What set the Earth's plates in motion?

September 17, 2014

The mystery of what kick-started the motion of our earth's massive tectonic plates across its surface has been explained by researchers at the University of Sydney.

"Earth is the only planet in our solar system where the process of plate tectonics occurs," said Professor Patrice Rey, from the University of Sydney's School of Geosciences.

"The geological record suggests that until three billion years ago the earth's crust was immobile so what sparked this unique phenomenon has fascinated geoscientists for decades. We suggest it was triggered by the spreading of early continents then eventually became a self-sustaining process."

Professor Rey is lead author of an article on the findings published in Nature on Wednesday, 17 September.

The other authors on the paper are Nicolas Flament, also from the School of Geosciences and Nicolas Coltice, from the University of Lyon.

There are eight major tectonic plates that move above the earth's mantle at rates up to 150 millimetres every year.

In simple terms the process involves plates being dragged into the mantle at certain points and moving away from each other at others, in what has been dubbed 'the conveyor belt'.

Plate tectonics depends on the inverse relationship between density of rocks and temperature.

At mid-oceanic ridges, rocks are hot and their density is low, making them buoyant or more able to float. As they move away from those ridges they cool down and their density increases until, where they become denser than the underlying hot mantle, they sink and are 'dragged' under.

But three to four billion years ago, the earth's interior was hotter, volcanic activity was more prominent and tectonic plates did not become cold and dense enough to spontaneously sank.

"So the driving engine for plate tectonics didn't exist," said Professor Rey said.

"Instead, thick and buoyant early continents erupted in the middle of immobile plates. Our modelling shows that these early continents could have placed major stress on the surrounding plates. Because they were buoyant they spread horizontally, forcing adjacent plates to be pushed under at their edges." "This spreading of the early continents could have produced intermittent episodes of plate tectonics until, as the earth's interior cooled and its crust and plate mantle became heavier, plate tectonics became a self-sustaining process which has never ceased and has shaped the face of our modern planet."

The new model also makes a number of predictions explaining features that have long puzzled the geoscience community.
-end-


University of Sydney

Related Plate Tectonics Articles from Brightsurf:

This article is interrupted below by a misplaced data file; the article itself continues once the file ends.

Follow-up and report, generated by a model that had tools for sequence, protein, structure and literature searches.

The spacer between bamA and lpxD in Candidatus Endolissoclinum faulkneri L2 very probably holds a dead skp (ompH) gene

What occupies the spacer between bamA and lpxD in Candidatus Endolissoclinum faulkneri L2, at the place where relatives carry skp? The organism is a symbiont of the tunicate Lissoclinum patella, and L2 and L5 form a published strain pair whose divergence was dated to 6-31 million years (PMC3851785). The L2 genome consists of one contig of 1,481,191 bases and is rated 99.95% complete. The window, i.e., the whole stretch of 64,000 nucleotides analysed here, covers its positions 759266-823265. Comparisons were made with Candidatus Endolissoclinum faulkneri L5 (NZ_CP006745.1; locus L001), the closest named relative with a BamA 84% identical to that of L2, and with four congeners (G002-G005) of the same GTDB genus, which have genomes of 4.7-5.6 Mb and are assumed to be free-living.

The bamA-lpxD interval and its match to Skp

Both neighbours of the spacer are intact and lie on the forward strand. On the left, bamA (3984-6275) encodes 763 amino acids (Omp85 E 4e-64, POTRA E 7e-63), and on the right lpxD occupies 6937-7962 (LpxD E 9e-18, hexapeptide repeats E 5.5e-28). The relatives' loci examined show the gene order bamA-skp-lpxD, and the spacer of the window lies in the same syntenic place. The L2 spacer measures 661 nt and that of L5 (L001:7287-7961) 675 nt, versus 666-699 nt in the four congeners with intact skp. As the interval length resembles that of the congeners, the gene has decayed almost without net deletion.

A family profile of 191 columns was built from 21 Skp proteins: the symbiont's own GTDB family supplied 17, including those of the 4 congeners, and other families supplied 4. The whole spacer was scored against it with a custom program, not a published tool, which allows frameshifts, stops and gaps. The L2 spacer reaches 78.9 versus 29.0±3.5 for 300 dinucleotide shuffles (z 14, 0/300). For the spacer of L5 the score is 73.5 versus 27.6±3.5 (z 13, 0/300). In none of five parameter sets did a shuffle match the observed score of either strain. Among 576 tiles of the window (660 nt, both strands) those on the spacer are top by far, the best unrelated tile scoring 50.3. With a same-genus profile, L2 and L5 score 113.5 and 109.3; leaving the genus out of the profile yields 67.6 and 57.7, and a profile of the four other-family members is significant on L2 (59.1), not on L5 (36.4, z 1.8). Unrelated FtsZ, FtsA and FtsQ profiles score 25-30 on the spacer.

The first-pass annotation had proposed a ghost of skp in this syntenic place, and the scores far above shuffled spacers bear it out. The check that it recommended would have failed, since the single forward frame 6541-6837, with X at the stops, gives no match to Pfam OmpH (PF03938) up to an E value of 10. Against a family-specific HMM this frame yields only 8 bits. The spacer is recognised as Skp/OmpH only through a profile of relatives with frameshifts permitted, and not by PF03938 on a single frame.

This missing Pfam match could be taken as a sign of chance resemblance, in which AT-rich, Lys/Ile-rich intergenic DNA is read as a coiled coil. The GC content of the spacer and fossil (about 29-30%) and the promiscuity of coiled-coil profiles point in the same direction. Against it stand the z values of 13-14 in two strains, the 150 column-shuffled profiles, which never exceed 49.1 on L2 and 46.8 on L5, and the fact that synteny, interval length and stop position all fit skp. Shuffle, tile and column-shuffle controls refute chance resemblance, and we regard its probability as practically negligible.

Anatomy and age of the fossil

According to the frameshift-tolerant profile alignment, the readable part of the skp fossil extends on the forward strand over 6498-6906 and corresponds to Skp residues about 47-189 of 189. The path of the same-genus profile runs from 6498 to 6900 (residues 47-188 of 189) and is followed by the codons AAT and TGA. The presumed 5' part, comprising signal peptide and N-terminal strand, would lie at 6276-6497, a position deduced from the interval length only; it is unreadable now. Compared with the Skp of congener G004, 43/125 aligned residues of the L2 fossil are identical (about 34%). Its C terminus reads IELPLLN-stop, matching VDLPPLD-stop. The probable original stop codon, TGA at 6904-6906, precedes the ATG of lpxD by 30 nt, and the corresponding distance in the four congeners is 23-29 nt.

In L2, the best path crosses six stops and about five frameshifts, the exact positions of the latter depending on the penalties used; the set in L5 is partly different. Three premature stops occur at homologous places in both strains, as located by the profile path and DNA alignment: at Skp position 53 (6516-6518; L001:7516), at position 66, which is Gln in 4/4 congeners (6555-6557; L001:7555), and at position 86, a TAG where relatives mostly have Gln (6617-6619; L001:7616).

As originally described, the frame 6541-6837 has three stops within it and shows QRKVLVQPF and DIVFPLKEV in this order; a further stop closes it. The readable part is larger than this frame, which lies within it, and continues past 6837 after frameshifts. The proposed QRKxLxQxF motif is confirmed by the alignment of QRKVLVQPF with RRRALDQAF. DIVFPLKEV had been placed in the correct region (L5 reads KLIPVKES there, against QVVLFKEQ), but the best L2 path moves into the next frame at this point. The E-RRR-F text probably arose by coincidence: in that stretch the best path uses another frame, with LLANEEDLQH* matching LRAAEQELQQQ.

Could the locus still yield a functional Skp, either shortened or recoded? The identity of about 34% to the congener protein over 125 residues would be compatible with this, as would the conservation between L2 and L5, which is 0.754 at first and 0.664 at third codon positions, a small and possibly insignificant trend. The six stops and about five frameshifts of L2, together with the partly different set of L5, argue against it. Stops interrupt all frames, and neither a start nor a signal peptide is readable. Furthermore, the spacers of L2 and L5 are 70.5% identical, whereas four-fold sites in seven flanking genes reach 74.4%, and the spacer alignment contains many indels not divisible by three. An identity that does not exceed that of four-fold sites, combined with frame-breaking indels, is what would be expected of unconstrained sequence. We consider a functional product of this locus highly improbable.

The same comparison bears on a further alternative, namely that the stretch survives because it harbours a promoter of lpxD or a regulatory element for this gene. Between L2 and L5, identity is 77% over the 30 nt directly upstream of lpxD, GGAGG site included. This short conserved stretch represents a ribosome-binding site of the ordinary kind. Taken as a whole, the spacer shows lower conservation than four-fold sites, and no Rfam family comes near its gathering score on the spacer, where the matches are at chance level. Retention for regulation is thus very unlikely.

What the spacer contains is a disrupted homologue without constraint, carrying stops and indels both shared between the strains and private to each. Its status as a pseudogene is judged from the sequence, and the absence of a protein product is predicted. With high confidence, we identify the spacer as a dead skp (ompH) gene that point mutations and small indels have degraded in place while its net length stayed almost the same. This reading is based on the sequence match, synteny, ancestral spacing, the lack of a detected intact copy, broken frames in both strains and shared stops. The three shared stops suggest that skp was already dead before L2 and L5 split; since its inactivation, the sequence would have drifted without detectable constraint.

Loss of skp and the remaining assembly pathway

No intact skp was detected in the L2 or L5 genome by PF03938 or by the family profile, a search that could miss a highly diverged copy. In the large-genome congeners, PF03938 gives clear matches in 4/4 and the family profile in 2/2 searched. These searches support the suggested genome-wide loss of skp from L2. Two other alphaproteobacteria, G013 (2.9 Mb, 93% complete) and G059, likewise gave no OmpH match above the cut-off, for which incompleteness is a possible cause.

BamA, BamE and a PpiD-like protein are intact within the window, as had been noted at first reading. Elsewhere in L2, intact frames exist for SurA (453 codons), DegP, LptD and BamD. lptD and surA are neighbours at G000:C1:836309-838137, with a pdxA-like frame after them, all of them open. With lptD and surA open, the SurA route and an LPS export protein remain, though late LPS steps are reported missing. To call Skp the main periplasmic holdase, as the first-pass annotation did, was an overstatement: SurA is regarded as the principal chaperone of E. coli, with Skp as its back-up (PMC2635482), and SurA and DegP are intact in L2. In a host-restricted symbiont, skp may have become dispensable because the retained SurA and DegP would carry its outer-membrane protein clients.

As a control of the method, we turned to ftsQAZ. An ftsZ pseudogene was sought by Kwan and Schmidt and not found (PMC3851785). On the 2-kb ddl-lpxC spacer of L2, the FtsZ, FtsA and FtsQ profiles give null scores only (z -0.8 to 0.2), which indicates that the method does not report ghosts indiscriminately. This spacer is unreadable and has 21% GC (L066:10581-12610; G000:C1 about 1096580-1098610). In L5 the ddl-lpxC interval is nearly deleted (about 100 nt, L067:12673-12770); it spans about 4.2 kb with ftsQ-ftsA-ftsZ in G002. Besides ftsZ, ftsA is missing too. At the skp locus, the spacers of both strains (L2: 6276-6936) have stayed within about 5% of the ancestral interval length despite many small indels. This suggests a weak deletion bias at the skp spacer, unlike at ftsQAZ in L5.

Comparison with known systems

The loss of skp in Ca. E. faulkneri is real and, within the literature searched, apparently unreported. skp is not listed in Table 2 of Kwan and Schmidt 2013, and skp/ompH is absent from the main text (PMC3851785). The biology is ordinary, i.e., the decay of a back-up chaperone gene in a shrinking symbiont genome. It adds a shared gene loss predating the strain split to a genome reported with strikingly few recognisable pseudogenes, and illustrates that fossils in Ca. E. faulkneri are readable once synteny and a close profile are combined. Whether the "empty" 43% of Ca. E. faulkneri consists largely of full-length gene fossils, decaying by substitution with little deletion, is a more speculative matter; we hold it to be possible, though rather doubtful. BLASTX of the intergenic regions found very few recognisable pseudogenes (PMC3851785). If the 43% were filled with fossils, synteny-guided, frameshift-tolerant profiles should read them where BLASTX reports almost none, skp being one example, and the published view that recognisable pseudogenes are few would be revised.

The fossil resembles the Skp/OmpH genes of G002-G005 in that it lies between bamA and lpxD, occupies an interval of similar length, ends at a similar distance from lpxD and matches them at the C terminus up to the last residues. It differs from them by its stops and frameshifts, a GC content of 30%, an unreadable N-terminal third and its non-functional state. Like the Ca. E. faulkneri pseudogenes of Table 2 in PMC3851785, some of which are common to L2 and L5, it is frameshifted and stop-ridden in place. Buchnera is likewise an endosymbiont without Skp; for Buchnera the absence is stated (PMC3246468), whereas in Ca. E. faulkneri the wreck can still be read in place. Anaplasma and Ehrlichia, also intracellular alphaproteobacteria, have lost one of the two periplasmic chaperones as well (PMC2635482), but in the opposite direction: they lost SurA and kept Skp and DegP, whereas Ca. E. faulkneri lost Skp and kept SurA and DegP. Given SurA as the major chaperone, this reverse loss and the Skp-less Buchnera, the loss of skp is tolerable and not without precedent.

Lost and found: UH geologists 'resurrect' missing tectonic plate
A team of geologists at the University of Houston College of Natural Sciences and Mathematics believes they have found the lost plate known as Resurrection in northern Canada by using existing mantle tomography images.

Plate tectonics goes global
A research team led by Dr. WAN Bo from the Institute of Geology and Geophysics (IGG) of the Chinese Academy of Sciences has revealed that plate tectonics went global 2 billion years ago.

Remixed mantle suggests early start of plate tectonics
New Curtin University research on the remixing of Earth's stratified deep interior suggests that global plate tectonic processes, which played a pivotal role in the existence of life on Earth, started to operate at least 3.2 billion years ago.

Why the Victoria Plate in Africa rotates
The East African Rift System is a newly forming plate tectonic boundary at which the African continent is being separated into several plates.

Evidence for plate tectonics on earth prior to 3.2 billion years ago
New research indicates that plate tectonics may have been well underway on Earth more than 3.2 billion years ago, adding a new dimension to an ongoing debate about exactly when plate tectonics began influencing the early evolution of the planet.

Upper-plate earthquakes caused uplift along New Zealand's Northern Hikurangi Margin
Earthquakes along a complex series of faults in the upper plate of New Zealand's northern Hikurangi Subduction Margin were responsible for coastal uplift in the region, according to a new evaluation of local marine terraces.

Breathing? Thank volcanoes, tectonics and bacteria
A Rice University study in Nature Geoscience suggests Earth's first burst of oxygen was added by a spate of volcanic eruptions brought about by tectonics.

What drives plate tectonics?
Scientists found ''switches'' between continental rupture, continental collision, and oceanic subduction initiation in the Tethyan evolution after a reappraisal of geological records from the surface and new global-scale geophysical images at depth.

Plate tectonics may have driven 'Cambrian Explosion, study shows
The quest to discover what drove one of the most important evolutionary events in the history of life on Earth has taken a new, fascinating twist.

Zipingpu Reservoir reveals climate-tectonics interplay around 2008 Wenchuan earthquake
A new study led by Prof. JIN Zhangdong from the Institute of Earth Environment (IEE) of the Chinese Academy of Sciences provided a new insight on the interplay between climate and tectonics from a sediment record in the Zipingpu Reservoir around the 2008 Wenchuan earthquake.

Read More: Plate Tectonics News and Plate Tectonics Current Events
Brightsurf.com is a participant in the Amazon Services LLC Associates Program, an affiliate advertising program designed to provide a means for sites to earn advertising fees by advertising and linking to Amazon.com.